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Roses are Red but RosÚs are for Valentine's Day

Saturday - 2/11/2012, 10:31am  ET

Scott Greenberg, special to

This Valentine's Day, there is no better wine to celebrate new love with - or the love you already share with someone - than with a bottle of bubbly. But not just any sparkling wine - for the day named in honor of a young Roman priest, Valentine of Rome, who was martyred for secretly preforming wedding ceremonies during a ban in 269 AD, one should chose a special wine that adds color as well as style for this year's day of love.

Sparkling rosÚ wines are just what Cupid ordered.

RosÚ wines are not a specific varietal, but rather they are a style of wine.

Traditional red wines get their color from lengthy contact between the juice and the red grape skins. The longer they stay in contact, the more color the skins impart to the juice.

But rose wines are made by removing the skins soon after the grapes are crushed, thus imparting a lighter shade of red to the final wine.

Many different wine grapes lend themselves to rosÚ production. The most popular is pinot noir, but other varietals include grenache, syrah, sangiovese and even malbec.

And just like the ubiquitous nature of love, sparkling rosÚ wines can be found in just about every wine grape growing in the world. Best of all, many sparkling rosÚs are a relative bargain and can be found in plentiful supply.

One of the best values for a sparkling rosÚ is the non-vintage Cristalino Brut RosÚ Cava from Spain. Made from roughly equal parts pinot noir and trepat (a grape varietal indigenous to the region), it sports beautiful scents of wild red berries and cherry on the nose. Fresh, clean strawberry and cherry flavors are light and bright in the mouth, with just a touch of ginger on the crisp, clean finish. $8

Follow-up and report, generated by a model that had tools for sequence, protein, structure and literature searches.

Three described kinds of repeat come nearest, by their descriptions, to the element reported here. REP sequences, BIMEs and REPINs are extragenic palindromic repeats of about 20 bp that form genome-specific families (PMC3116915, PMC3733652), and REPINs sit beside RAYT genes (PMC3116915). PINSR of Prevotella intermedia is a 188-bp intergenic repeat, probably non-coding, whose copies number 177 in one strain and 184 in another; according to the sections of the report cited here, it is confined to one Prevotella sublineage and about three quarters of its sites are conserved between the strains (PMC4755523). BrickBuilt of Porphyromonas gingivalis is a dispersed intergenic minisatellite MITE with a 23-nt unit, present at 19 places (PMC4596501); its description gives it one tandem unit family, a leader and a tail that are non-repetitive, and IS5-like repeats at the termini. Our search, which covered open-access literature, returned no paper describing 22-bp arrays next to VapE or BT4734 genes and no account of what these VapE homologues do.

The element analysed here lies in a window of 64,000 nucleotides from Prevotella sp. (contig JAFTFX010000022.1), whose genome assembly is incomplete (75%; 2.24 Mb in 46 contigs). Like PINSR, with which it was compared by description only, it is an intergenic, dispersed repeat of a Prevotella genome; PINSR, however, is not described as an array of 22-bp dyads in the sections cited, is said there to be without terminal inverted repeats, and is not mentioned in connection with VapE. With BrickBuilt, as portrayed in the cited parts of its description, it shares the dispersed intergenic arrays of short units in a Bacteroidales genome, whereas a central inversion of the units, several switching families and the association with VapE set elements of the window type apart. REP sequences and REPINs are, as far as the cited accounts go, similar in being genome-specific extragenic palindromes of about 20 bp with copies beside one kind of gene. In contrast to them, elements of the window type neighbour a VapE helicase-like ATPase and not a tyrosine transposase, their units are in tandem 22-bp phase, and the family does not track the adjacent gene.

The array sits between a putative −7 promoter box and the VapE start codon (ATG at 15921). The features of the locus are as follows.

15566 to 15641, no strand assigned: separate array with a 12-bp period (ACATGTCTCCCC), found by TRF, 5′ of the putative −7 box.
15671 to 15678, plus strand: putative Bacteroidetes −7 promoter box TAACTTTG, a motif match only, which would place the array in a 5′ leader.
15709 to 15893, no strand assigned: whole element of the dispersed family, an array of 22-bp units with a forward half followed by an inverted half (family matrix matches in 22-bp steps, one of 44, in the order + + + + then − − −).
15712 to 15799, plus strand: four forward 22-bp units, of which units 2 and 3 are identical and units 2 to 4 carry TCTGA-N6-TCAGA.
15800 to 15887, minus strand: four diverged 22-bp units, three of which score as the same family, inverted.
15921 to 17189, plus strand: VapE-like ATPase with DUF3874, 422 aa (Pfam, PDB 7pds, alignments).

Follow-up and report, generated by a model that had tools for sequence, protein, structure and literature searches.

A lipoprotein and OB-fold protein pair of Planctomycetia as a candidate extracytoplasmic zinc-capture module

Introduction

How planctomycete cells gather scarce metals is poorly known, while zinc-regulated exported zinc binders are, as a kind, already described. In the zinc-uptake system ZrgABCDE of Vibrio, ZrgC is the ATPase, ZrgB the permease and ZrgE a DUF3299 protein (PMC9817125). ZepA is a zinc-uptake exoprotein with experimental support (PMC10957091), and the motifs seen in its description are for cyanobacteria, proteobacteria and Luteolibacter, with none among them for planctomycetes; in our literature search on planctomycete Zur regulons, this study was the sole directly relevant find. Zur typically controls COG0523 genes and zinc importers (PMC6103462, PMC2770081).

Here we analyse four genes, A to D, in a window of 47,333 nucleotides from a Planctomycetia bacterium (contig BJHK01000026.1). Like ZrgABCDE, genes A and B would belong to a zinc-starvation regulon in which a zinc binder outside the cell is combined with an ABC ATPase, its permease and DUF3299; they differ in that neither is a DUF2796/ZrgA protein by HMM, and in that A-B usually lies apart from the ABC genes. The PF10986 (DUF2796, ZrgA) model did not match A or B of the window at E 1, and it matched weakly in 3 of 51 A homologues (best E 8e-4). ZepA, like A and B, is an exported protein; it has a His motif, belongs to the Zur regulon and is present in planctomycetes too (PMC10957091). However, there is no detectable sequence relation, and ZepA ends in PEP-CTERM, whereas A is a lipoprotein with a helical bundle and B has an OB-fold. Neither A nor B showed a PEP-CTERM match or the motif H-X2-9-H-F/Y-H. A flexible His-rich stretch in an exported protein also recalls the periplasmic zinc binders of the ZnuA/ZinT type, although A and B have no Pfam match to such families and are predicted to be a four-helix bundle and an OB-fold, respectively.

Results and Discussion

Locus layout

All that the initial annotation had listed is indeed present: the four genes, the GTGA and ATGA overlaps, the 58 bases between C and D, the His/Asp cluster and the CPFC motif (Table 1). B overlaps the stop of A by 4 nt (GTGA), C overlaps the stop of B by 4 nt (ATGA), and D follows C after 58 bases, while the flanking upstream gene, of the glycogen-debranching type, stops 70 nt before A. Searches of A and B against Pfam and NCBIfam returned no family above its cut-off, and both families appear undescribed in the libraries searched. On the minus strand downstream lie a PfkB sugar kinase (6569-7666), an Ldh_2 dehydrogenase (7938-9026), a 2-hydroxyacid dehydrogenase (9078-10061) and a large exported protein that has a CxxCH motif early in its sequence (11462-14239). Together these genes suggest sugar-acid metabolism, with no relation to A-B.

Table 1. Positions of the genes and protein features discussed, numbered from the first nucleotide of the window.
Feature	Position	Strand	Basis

The Piedmont region of Italy is best known for their prized Barolo and Barbaresco wines, but it is also home to the non-vintage Banfi Rosa Regale. Made from the brachetto grape, the wine displays vibrant scents of floral notes, such as rose petals and violets on the nose. Flavors of raspberries and red strawberries are supported by a slightly sweet frame. Given the off-dry nature of the wine, it is an ideal choice to enjoy with chocolate covered strawberries and other chocolate-centric desserts. $19

Champagne is not the only part of France to produce sparkling wines. The non-vintage Chevalier RosÚ Cremant Bourgogne hails from the renowned Burgundy region, where chardonnay and pinot noir grapes are used to produce a delicately fresh wine, with refreshing scents of red fruit aromas on the nose. Flavors of strawberry, red currant and nectarine are supported by tiny, delicate bubbles. The creamy texture is in balance with pleasant acidity. $20

If you want a domestic sparkler with a Champagne pedigree, try the non-vintage Roederer Estate Brut RosÚ from Anderson Valley, Calif. The cool climate of Anderson Valley is ideal for growing the chardonnay and pinot noir grapes used in this lively rosÚ. Pretty red fruit aromas of summer raspberries, red currants and cherries are repeated on the equally fruit-driven palate, ending with notes of brioche on the balanced finish. $27

For a special treat, pop open a bottle of non-vintage Jacquart Rose, an authentic Champagne from Reims, France. The nose is wonderfully fruity, featuring strawberry and dark cherry notes. The mouthfeel is elegant and refined, where finely tuned bubbles carry flavors of cherry, raspberry and grenadine over the entire palate. The finish is crisp, dry and refreshing. Versatile enough to enjoy with sushi, pizza or fruit tart. $40

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